My Tuesday doctor appointment went well that week, but on Wednesday, with no sign of labor in sight, I was concerned that at my 40 week appointment my OB might recommend inducement given her belief that the baby was big. Knowing inducement increased the chances of a C-Section, I didn’t want that. To alleviate my concern, I emailed my birth doula who said she would attend my Friday doctor appointment with me for support. I also determined that if inducement was medically necessary, I would choose the Foley catheter method.

I had Braxton Hicks contractions all day on Wednesday and, to amuse myself, I was writing the start time of them on a post-it note and keeping it under my keyboard while I went about my job. They weren’t painful at all, just annoying and a bit distracting. My boss joked with me that day, not knowing that I was having contractions, that, knowing me, I would give birth to this kid on a schedule.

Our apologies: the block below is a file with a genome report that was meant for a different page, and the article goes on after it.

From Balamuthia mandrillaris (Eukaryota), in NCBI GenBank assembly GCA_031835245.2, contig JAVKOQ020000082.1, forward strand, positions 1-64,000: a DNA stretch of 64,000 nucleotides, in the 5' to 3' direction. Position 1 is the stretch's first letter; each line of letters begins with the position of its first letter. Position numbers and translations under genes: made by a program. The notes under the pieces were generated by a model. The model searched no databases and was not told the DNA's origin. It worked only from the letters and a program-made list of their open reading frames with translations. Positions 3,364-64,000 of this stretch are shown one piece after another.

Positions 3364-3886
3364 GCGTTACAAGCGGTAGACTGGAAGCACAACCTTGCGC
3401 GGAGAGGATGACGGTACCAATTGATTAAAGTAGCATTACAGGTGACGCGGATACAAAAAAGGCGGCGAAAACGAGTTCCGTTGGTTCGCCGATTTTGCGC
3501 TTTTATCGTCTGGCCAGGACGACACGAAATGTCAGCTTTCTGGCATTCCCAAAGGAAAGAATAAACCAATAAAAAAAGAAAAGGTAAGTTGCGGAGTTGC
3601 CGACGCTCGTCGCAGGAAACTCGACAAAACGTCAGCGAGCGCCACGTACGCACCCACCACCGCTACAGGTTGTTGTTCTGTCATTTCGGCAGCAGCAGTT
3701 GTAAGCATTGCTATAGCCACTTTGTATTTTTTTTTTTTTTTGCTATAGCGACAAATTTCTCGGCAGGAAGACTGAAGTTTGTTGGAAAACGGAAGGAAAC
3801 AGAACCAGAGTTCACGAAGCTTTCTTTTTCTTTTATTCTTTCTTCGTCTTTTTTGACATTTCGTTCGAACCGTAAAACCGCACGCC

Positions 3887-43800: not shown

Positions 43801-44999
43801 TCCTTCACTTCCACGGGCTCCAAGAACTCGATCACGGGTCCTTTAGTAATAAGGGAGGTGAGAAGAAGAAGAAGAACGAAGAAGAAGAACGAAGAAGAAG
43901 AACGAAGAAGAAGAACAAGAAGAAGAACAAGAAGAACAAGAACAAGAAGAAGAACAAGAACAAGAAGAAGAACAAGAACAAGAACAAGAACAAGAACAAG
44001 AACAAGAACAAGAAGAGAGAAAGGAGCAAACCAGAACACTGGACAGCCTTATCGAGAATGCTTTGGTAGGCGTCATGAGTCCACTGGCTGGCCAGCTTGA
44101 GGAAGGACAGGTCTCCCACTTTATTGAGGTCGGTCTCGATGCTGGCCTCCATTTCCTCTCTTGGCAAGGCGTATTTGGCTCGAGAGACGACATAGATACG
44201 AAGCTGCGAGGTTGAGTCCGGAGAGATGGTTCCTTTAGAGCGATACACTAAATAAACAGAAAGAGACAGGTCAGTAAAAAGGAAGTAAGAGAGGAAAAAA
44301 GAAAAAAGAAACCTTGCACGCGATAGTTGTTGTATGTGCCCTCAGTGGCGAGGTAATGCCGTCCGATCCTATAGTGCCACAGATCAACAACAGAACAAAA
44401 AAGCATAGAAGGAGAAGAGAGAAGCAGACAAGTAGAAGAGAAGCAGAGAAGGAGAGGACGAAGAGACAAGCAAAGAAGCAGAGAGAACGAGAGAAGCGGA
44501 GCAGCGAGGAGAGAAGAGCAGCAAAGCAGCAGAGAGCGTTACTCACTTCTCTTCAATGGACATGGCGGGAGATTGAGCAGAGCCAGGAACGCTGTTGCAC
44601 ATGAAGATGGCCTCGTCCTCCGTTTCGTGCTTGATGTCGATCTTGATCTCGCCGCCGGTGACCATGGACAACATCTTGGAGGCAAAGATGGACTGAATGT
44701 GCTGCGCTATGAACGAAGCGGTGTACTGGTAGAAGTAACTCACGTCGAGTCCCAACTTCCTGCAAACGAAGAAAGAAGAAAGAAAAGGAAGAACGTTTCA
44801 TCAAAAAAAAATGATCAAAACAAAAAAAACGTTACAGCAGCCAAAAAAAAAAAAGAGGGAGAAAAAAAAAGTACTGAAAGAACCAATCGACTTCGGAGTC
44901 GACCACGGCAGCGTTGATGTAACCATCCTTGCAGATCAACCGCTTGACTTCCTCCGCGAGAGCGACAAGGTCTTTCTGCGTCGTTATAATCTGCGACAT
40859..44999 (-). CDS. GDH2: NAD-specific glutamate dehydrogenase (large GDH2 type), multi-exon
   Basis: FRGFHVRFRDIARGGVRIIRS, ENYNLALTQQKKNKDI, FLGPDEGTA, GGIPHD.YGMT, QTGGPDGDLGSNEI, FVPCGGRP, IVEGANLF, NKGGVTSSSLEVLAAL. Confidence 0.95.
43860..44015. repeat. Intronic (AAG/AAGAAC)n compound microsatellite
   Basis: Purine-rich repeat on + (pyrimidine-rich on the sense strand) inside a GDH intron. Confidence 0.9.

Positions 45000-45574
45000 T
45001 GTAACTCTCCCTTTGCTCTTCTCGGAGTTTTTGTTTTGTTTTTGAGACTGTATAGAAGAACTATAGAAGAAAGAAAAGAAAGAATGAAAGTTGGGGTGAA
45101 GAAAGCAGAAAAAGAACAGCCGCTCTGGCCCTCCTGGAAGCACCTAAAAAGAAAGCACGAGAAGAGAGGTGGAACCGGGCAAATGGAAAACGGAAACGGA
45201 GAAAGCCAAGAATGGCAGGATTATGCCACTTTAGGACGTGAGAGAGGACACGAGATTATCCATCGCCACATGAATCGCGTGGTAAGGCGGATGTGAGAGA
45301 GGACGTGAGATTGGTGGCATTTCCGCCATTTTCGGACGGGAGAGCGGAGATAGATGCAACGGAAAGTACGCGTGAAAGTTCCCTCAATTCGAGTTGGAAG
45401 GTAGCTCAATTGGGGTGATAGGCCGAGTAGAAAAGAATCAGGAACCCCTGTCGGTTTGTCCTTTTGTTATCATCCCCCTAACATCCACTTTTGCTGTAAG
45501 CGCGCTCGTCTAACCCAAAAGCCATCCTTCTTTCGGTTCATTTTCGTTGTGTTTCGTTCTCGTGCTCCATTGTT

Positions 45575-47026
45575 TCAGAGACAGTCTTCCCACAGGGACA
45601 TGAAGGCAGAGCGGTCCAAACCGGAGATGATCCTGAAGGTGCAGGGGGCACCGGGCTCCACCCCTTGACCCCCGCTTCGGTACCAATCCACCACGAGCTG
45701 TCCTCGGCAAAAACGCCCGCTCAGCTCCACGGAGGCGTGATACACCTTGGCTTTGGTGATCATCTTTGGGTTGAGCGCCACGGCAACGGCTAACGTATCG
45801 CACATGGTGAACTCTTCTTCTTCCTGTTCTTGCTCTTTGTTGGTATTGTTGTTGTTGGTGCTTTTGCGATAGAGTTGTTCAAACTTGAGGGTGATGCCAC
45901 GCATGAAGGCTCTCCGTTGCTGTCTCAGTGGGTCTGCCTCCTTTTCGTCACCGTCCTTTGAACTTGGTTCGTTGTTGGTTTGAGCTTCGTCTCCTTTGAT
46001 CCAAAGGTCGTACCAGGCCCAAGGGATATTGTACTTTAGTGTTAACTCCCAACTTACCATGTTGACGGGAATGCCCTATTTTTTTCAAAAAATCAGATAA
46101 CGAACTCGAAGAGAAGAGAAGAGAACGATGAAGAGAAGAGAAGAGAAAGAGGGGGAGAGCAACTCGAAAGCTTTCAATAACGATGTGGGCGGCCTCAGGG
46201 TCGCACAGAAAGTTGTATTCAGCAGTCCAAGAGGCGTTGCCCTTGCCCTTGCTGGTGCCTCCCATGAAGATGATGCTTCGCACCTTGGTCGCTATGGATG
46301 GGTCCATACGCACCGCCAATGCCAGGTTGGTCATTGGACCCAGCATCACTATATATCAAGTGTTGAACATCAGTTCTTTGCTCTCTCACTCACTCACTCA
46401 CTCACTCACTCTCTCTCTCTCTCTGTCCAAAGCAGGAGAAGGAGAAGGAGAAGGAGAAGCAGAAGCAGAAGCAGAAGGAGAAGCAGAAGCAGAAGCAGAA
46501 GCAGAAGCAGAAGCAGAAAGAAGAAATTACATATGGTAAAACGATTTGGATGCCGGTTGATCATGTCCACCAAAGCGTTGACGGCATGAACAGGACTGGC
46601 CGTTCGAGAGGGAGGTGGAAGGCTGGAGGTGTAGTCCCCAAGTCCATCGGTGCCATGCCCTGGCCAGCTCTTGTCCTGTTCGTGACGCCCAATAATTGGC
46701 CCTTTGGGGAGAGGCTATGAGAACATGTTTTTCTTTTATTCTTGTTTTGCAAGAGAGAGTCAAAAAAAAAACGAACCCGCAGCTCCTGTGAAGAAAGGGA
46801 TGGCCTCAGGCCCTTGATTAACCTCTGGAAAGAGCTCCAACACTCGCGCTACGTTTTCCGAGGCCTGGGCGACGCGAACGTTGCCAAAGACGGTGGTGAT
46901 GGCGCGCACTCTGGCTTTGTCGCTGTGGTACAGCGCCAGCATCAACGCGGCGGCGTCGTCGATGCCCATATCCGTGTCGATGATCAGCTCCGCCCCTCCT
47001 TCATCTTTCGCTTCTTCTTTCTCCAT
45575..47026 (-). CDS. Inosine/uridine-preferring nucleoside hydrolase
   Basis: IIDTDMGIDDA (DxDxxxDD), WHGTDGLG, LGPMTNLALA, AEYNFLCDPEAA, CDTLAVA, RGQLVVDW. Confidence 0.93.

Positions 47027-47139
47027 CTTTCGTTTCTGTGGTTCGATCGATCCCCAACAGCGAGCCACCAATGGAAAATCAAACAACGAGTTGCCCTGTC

After my swim Wednesday, I packed my lunch for the next day, ate a salad and went to bed early. I woke refreshed, but chilly, on Thursday at 4:11 AM. It was 62° in the house, so I went downstairs to turn on the heat… and a contraction came on, and then another. I sat on the yoga ball to alleviate the pressure and then headed back upstairs with a detour to the restroom. More contractions occurred and time passed in a blur. I heard the shower start up in the other restroom, so my husband was up and it was shortly after 5 AM. Since I couldn’t seem to move without a contraction happening, I managed to walk a few steps to my purse and I sent him a text message: “I think I might be in labor.” And I waited.